Again- I would strongly advise reading through the available material here online, to help you get familiar with how the pilot- controller interaction works- both in its similiarities to real world aviation, but also in certain important differences. The more familiar you are, the more enjoyable for you and everyone else.  Real world aviation documents like CAP413  and the Standard Route Document are very useful.

There are a number of different online resources for helping a pilot get a working flightplan that is acceptable to both their aircraft's flight management system AND the VATSIM ATC community. In many cases the online 'aviator' has little or no idea what the string of characters really relates to in the airspace- but it does manage to create a continuous magenta line on one of the flat-panel displays...and that's all that is required for them...(slight cynicism). Alternatively, at the other end of the spectrum, you could use an archaic system like FSNavigator, to piece-together a route yourself, from departure to arrival- which I tend to use on FS9....and the AIRAC cycle is up to date from Navigraph. Via a third party planner I get the output from this printed as a flight log with Lat. and Long. coordinates, that I can hand-enter into the Delco Carousel Intertial Nav units in my classic jets...very old school.

It is possible to fly within the UK's airways system using traditional VOR-navigation skills and techniques, but you will be somewhat restricted for routes and increasingly limited as more airports move to RNAV only operations. I find the challenge rewarding however, and still do this in a number of classic jet types, as well as occasional turboprops.

As for freshening-up the experience of the sim you have- well, assuming you only have a default FSX- there is a massive amount of material you can use to enhance the experience. Aircraft and sceneries. You do not ever have to fly one of the default aircraft in FSX...I cannot remember the last time I loaded a default aircraft in FS9- I may have been fault-finding on something in the default Cessna.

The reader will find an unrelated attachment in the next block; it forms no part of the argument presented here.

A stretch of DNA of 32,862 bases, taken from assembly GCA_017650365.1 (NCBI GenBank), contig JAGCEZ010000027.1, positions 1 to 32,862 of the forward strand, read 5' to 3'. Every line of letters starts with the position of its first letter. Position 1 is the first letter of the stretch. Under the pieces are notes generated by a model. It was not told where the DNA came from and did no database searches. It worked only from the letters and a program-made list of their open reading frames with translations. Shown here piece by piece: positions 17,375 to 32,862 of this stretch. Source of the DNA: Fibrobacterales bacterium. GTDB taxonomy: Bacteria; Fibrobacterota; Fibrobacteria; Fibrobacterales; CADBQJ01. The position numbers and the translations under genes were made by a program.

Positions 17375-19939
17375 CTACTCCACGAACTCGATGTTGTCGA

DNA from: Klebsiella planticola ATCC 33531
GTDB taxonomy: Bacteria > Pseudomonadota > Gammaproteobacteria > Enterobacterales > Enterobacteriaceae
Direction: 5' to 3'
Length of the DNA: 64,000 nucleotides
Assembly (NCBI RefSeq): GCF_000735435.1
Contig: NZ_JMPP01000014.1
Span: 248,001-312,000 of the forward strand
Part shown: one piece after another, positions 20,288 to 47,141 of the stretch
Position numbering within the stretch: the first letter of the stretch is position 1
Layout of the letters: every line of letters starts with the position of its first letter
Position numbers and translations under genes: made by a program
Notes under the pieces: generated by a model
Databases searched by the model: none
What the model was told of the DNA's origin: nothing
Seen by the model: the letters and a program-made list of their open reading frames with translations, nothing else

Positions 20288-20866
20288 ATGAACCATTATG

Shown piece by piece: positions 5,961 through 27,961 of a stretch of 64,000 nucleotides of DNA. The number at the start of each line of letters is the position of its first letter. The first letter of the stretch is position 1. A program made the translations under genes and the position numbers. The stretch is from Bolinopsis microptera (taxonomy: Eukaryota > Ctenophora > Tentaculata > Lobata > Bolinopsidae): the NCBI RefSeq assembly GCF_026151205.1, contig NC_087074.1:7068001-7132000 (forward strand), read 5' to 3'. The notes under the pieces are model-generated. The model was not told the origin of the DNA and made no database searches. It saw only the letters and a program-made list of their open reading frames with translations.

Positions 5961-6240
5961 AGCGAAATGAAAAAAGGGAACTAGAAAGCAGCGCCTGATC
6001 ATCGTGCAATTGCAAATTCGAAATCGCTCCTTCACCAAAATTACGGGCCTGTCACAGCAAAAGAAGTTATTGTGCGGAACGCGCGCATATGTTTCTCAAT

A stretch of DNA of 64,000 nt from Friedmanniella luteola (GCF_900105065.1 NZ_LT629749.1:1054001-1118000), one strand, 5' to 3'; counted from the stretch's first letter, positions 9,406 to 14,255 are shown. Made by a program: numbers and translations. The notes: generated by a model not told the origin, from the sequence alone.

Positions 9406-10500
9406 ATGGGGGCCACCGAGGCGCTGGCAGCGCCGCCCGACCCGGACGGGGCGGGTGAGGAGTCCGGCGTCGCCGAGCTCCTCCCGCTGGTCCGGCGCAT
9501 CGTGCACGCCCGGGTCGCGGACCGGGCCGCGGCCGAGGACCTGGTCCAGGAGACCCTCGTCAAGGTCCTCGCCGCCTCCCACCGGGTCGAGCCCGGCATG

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Bill Casey

Certainly for GA flying the two biggest changes you can make would to be acquire a better GA aircraft than the default and install some photographic scenery. I find the A2A Simulations planes most excellent but everyone's mileage is different. I particularly use their Accusim Cessna 182 but they have quite a variety available and they fly correctly. Photographic scenery makes it possible to do VFR properly i.e. Looking out of the window to work out where you are by identifying real things! Oh, and to aid your intention to do this for real, acquire a CAA Half Mil chart, 1:500,000 scale.

For GA flying it's best to avoid the Manchesters, Gatwicks and Heathrows. The small regional airports make more sense Vatsim-wise for people who fly by using the windows.

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Darren Hill

Hello Richard,

As a flight simmer since very young and having a dad as a PPL pilot, I can safely say XP11 feels WAY better than FSX for GA especially. In FSX all flight models stall the same in my experience, which indicates they are redered the same. XP11 renders each surface individually, which is much more responsive. FSX has outdated and rather poor scenery, while XP11 has the fantastic ortho4XP. The only drawback and the reason I'm still on FSX is cost. XP11 is not cheap, but it is a better sim.

 

Hope this helps.

Regards,

Darren.

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Richard Robarts

I do prefer the default xplane 10 feel compared to fsx but i suspect some payware fsx aircraft are just as good and I have actually decided to go with fsx for now purely because it's the easiest to operate radios and navigate with. I have upgraded the scenery a little to help with vfr and to make it more interesting. 

Are there any ga airfields regularly controlled in vatsim? if so I might focus on them for learning but If there are usually none I would probably learn to fly ifr using an fmc

If I could find a link to ortho xp I might test that out in xplane 10 to see how it goes though.

Edited by Richard Robarts

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Simon Kelsey

Hi Richard,